The video, below, is from the 2015 Government Transformation Forum. It’s a panel discussion about the issues and challenges of moving government services from labor-intensive, manual paper-processing operations to a “more customer-centric end-to-end self-service experience…that dramatically transform[s] the user experience and improve[s] customer satisfaction.”
The panelists do a good job describing the organizational and technological challenges associated with such a sea-change transformation. They briefly touch on the issue of change management: How do you transform the role of the employees from moving paper to knowledge workers?
Change management is raised in just about every discussion on optimizing citizen experience that I’ve read. Having employees understand how their jobs have changed is critical to the success of the transformation – but that’s just the half of it. What I’ve yet to see are discussions of how employees need to change how they think about their customer: the citizen. That’s something that seems to be taken for granted; which will magically happen once the processes and technology have been transformed.
Let me give you an example of what I mean from personal experience: My phone company has invested probably hundreds of millions of dollars integrating and upgrading their customer service systems and processes. As part of that, customer-facing employees were provided training and scripts to follow when customers called in for service.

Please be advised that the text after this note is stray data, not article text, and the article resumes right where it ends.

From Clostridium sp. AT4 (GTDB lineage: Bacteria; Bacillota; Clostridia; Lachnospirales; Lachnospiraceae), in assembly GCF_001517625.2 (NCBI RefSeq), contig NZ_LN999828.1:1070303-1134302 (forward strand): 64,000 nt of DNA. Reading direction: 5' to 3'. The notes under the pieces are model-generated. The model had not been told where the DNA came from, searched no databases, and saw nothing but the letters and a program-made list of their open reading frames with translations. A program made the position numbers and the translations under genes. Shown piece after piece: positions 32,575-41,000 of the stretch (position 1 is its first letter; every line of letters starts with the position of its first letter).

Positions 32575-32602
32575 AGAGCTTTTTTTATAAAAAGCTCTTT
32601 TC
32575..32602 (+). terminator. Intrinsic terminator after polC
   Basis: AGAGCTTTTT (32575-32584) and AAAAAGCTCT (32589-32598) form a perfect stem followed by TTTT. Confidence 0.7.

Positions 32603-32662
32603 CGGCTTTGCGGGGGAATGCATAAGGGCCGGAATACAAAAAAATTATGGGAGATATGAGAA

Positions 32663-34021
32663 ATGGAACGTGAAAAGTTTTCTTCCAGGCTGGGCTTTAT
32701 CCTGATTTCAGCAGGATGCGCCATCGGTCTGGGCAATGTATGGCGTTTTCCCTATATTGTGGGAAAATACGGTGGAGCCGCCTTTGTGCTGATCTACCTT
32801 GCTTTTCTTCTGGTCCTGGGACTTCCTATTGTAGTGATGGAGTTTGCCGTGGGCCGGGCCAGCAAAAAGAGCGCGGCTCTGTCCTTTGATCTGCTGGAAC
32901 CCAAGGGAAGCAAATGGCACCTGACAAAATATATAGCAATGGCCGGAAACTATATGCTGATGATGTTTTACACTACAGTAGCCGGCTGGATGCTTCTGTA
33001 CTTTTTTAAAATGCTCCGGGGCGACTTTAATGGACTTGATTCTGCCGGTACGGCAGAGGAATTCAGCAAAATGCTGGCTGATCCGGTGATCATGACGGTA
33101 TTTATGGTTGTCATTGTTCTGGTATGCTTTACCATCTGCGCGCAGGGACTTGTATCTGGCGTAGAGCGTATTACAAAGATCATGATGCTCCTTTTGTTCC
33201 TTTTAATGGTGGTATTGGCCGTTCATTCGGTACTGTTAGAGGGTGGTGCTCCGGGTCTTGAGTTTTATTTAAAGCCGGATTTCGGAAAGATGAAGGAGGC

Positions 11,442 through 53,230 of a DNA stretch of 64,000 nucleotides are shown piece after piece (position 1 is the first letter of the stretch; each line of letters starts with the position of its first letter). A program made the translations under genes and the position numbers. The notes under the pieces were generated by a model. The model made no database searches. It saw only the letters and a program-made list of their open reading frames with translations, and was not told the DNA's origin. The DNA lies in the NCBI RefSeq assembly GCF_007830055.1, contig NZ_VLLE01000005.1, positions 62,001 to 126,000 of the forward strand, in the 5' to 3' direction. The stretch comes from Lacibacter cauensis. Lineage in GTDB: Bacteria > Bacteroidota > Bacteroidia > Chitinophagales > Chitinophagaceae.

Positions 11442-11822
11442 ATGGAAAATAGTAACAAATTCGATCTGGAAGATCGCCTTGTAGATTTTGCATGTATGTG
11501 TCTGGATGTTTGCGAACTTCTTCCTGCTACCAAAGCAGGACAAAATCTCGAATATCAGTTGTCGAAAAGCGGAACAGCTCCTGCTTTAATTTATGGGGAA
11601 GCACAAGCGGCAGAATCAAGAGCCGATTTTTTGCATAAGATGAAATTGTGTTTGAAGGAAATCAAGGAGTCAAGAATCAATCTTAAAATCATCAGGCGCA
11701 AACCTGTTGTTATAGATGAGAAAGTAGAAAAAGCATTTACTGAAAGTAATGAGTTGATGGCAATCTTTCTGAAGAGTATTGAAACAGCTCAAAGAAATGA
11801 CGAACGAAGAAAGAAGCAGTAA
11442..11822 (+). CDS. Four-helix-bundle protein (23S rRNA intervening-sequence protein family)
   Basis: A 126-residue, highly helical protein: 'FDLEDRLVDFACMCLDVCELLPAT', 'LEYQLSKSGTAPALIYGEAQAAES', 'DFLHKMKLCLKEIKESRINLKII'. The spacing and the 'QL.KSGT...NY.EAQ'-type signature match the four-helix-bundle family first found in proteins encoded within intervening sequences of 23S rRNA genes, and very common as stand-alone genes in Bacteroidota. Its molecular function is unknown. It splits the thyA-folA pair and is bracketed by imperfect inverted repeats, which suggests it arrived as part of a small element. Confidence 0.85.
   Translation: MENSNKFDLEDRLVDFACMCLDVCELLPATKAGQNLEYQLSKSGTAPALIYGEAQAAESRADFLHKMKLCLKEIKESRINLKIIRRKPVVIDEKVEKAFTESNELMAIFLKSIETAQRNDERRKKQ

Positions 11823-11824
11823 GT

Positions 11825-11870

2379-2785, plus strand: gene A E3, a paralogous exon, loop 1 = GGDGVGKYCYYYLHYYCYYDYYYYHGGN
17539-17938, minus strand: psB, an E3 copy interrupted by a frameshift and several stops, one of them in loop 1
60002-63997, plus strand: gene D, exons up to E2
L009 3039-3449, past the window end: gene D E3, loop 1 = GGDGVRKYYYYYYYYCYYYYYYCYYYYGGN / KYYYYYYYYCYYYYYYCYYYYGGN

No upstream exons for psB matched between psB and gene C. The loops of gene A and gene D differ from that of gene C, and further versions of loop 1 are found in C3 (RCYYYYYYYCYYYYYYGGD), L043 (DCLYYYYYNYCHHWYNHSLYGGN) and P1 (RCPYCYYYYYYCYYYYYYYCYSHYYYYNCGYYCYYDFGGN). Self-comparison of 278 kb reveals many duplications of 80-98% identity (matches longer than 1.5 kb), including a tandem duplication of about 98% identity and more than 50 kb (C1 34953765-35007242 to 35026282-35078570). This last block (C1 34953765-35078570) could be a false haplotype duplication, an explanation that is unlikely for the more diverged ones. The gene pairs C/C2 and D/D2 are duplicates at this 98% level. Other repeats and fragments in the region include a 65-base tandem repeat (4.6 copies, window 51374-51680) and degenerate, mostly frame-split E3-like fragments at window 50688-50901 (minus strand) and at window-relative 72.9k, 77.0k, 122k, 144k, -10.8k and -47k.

I had just moved to a new home and needed a second phone line. I also needed to transfer the phone number of my second line in my old home to that of my new home. When I called, I was greeted with an outpouring of charm: “How are you today, Mr. Larkin? Thank you for calling XYZ. How may I be of service today? Once we got over the pleasantries and into the purpose of my call, I was informed the phone number could not be transferred (two customer service representatives had told me earlier this was possible). Furthermore, I could choose a new number from a selection of numbers. However, they could not guarantee the number would work and, hence, I would need to call in to get a new number (which, of course, was not guaranteed to work either – I’m not making this up). By the time we got to that part of the conversation, steam was coming out of my ears. The representative clearly could tell I was frustrated as she told me: “I understand Mr. Larkin why you would be feeling frustrated.” Since none of this made sense, I asked to speak to a supervisor and was informed none were available. At that point, I decided to end the call. The representative thanked me for calling and then asked: “Have I provided you with excellent service today?” My point here is that this employee was providing exactly the same type of (poor) service she was providing before the “transformation.” The only thing that was different were the responses she was giving.
So the moral of the story is: transforming employees’ behavior and attitude towards the citizen are critical and must be an integral part of optimizing citizen experience.